Hasan Minhaj is a man of many talents.
For anyone who didn’t have the joy of tuning each week into Patriot Act, the Peabody-winning series that allowed the Daily Show alum to flex his political savviness alongside his comedic sensibilities, the cycle tended to go a little something like this. Every weekend, Minhaj would dive into a new topic, from Saudi Arabia to immigration, student loans, and Big Oil, and unpack the subject in an accessible and entertaining half hour. Some people might get mad, or make a fuss online; Minhaj would then return the next week, often doubling down or providing callbacks to previous episodes.
There’s a certain fearlessness to much of Minhaj’s work, and it’s this very fearlessness that sometimes gets him into trouble, too. This idea is one of the balances explored in his latest comedy special, The King’s Jester, his follow-up to 2017’s wonderful Homecoming King. Over the course of an hour in Brooklyn, Minhaj, now a father of two, bares it all for a rapt audience, digging into experiences around infertility, ego, and a style of comedy that requires wielding satire and sincerity in equal measure.
“It starts with thoughts, ideas, and stories I’d be too embarrassed to share in public,” Minhaj tells Consequence over Zoom, ahead of the special’s Netflix release. “It’ll start as an hour and a half or two hour show, and it’ll feel like comedic emotional vomit.”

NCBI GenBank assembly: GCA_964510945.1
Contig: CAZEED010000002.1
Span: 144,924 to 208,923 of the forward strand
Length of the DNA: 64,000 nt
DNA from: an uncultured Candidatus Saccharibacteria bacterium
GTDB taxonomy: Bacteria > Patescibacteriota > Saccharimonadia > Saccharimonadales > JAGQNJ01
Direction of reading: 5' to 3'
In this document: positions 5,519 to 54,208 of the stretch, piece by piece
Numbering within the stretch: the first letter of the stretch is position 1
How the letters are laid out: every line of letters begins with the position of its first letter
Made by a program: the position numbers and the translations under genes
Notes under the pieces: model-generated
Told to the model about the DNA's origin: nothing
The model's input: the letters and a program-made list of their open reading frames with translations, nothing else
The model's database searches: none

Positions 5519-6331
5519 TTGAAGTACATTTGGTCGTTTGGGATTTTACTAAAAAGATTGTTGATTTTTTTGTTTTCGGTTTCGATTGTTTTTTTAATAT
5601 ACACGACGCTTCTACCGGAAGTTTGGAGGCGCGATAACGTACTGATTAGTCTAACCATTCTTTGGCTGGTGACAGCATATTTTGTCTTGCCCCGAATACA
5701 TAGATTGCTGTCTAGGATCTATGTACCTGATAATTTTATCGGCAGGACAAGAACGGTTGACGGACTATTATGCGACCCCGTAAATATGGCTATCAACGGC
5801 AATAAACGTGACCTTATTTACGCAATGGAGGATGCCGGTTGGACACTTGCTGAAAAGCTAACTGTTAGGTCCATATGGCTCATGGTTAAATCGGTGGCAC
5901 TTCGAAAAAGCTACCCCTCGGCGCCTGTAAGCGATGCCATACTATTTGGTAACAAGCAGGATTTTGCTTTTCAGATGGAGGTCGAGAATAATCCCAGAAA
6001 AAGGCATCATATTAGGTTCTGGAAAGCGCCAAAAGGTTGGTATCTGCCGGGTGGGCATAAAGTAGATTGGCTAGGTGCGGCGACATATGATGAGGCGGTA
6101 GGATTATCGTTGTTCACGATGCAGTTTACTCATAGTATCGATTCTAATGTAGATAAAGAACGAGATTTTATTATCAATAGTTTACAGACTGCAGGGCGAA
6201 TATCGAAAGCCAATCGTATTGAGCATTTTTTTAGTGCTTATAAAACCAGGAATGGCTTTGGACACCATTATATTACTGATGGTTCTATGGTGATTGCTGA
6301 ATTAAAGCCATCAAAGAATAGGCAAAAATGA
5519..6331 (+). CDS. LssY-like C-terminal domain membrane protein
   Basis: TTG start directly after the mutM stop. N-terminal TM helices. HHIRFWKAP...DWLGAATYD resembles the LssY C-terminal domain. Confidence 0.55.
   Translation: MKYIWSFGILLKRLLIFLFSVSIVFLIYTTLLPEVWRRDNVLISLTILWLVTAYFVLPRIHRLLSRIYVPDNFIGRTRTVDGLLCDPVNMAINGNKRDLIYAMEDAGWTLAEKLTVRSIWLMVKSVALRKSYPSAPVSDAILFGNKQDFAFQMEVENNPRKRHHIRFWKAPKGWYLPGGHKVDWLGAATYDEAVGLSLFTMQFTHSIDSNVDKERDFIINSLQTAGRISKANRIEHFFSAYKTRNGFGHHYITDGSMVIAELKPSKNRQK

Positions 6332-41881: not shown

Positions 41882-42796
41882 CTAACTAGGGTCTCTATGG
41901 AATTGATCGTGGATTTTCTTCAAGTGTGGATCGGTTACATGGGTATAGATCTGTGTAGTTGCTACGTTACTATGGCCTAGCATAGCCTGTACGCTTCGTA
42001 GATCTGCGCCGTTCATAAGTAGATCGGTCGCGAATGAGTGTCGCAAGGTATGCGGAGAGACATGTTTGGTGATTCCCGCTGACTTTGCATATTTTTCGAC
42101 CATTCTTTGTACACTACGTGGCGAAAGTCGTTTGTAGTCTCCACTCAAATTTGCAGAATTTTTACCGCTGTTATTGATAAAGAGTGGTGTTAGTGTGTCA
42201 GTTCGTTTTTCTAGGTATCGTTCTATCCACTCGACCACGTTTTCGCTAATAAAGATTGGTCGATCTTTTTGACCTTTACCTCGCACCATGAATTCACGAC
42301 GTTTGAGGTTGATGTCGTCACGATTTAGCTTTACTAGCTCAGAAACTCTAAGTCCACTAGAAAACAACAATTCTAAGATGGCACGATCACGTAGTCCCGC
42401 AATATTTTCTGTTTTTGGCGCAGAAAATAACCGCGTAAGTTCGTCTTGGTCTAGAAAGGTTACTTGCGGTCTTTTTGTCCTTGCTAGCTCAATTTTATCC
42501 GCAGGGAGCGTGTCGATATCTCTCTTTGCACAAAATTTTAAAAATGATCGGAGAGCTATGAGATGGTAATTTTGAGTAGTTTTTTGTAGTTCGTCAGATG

Eventually, though, through working with folks like The King’s Jester director Prashanth Venkataramanujam and taking cues from audiences across the country, that comedic emotional vomit starts to take shape. Anyone that caught this show on tour can confirm that while Minhaj has the ability to make his work feel conversational, any set with his name on it will probably include quite a few moving parts. By design, his self-described “Power-Point comedy” requires sharp attention to detail and a healthy heaping of rehearsals.
Ultimately, The King’s Jester is an incredibly honest hour of comedy that sees Minhaj dig into mistakes and failures both personal and professional. If Homecoming King was his introduction to the world, The King’s Jester is a look into a more established voice, and a figure that sometimes flies too close to the sun — thankfully, though, Minhaj is someone who knows to turn around when the heat is too strong, and returned to earth before the wax could melt entirely from his wings.